Can you comment on your plans if an election comes around RE: projection updates? since polls will be coming out every few days if not daily, will you be doing a full update very frequently to get the most recent data into your projection?

  8. Anonymous,

    Another close race to watch.


    Just as I was during the New Brunswick election, I expect to be very busy if a federal election is called. Ditto if there will be a BC election in the spring/summer, and of course for the myriad of provincial ones this fall.

    My current plan is to do a resume of all the polls released in the preceding 24 hours and a projection update every morning, with the afternoon or evening open to posts on other topics.

  9. Éric - I think you've made the right decision on Esquimalt-Juan de Fuca. Yes, there is reason to believe that the projection's result isn't necessarily accurate, but the point of building a projection model like you have is to stick with it and see how it does.

    Based on the next election result, maybe you'll learn something that will allow for a tweak (maybe some adjustment that you make only for retiring MPs who previously crossed the floor - who knows?), but for now I think it's important that you leave the projection as it is until you have more data.

  10. As the big driving force for proportional projections it does feel a bit good to see that I knew what I was doing :P

  11. Bernard -

    In 2008, the Liberals in BC hit a 26-year low at 19% (Dion + the Green Shift were the main culprits).

    Over the previous 5 elections, the Liberals garnered 28% of the vote in BC. I'll wager that the Liberals will rebound in BC compared to 2008.

    The Liberal's core support in BC is within the City of Vancouver and neighbouring environs as well as Greater Victoria, to a lesser extent.

    The Libs in EJDF have selected a poll topping councillor from Langford and I can see the electoral dynamic in that race to be "Vote Liberal to keep out the Con", since the NDP was so far behind in 2008.

    In V-K, the NDP seems to have hit a glass ceiling and the demographics are more Liberal friendly. I can also see Yuen taking that riding back for the Libs.

    Same for N-V, where the incumbent MP is a social conservative and the demographics are more Liberal friendly.

    IOW, I wouldn't count the Liberals out winning 1 - 3 of the aforementioned seats.

  12. Eric is there any bonus for parliamentary secretaries ?

    When you look at somebody like Shelly Glover, she does more announcements and is more visible than some ministers.

    Its a signal that these people are rising stars and that the party is going to fight to protect them.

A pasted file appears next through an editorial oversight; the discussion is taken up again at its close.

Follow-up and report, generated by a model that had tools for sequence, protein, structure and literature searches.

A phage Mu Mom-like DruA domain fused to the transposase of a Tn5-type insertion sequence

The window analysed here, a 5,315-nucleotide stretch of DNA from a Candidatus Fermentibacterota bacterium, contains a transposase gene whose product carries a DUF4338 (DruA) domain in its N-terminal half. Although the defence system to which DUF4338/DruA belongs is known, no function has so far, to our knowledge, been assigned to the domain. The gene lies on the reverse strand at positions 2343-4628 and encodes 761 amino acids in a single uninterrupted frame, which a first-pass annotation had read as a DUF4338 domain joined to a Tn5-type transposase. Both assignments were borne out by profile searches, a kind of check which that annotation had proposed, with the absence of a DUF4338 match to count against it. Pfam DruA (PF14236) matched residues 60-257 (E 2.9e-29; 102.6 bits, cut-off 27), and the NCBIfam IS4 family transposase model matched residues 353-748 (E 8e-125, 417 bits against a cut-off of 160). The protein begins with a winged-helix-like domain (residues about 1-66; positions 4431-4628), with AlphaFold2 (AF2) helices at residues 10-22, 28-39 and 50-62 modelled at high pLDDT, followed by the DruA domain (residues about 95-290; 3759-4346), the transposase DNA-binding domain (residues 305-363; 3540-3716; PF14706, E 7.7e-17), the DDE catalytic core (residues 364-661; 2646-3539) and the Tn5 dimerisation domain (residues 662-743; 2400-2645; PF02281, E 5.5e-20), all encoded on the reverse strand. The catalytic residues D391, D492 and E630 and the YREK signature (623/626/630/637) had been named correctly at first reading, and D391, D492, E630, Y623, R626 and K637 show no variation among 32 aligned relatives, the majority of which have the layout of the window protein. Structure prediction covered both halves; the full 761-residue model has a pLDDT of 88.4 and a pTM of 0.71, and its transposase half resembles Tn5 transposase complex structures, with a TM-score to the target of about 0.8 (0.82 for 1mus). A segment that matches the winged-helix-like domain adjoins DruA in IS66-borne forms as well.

I wouldn't be surprised if there was some modifier you could determine and apply.

  13. No. It might be something to look into because of the extra visibility, but I'm not sure if it is worth all that much.

    The average voter probably knows if their MP is a cabinet minister, but parliamentary secretary?

  14. Incidentally, my argument for why you shouldn't make special adjustments for places like Esquimalt is the same argument Nate Silver used for why he shouldn't make special adjustments to his baseball projections for Ichiro Suzuki. Nate knew he projection system (PECOTA) was going to get Ichiro wrong. He knew it would be wrong every year, and he even knew why and how it would be wrong. And while he adjusted the system overall from time to time, he never made specific adjustments for atypical players, because that wouldn't be allow for a fair assessment of his projections overall.

    Here's an article Nate wrote about PECOTA's specific failures back in 2004:

  15. Congratulations - extremely impressive model, and fascinating to read the gloss.

  16. "The average voter probably knows if their MP is a cabinet minister, but parliamentary secretary?"

    My MP got a front page story in both local newspapers. It was kind of a big deal.

  17. Shadow - I can't recall ever having seen my MP's actions reported in the paper (granted, she's in opposition).

  18. I tend to agree with Ira on the dangers of tweaking ridings.

    Once you start modifying individual ridings or subjectively judging who is and isn't a star candidate, it becomes more of an exercise like the Election Prediction Project, than a statistical projection system.

    Still, most of these additions, especially incumbency, are welcome. The only danger I'd caution is in over-fitting the model. You're validating the model using the same data it was constructed on, so obviously it will be effective. The real test would be to try and validate it using a different data set (i.e. 2006 election).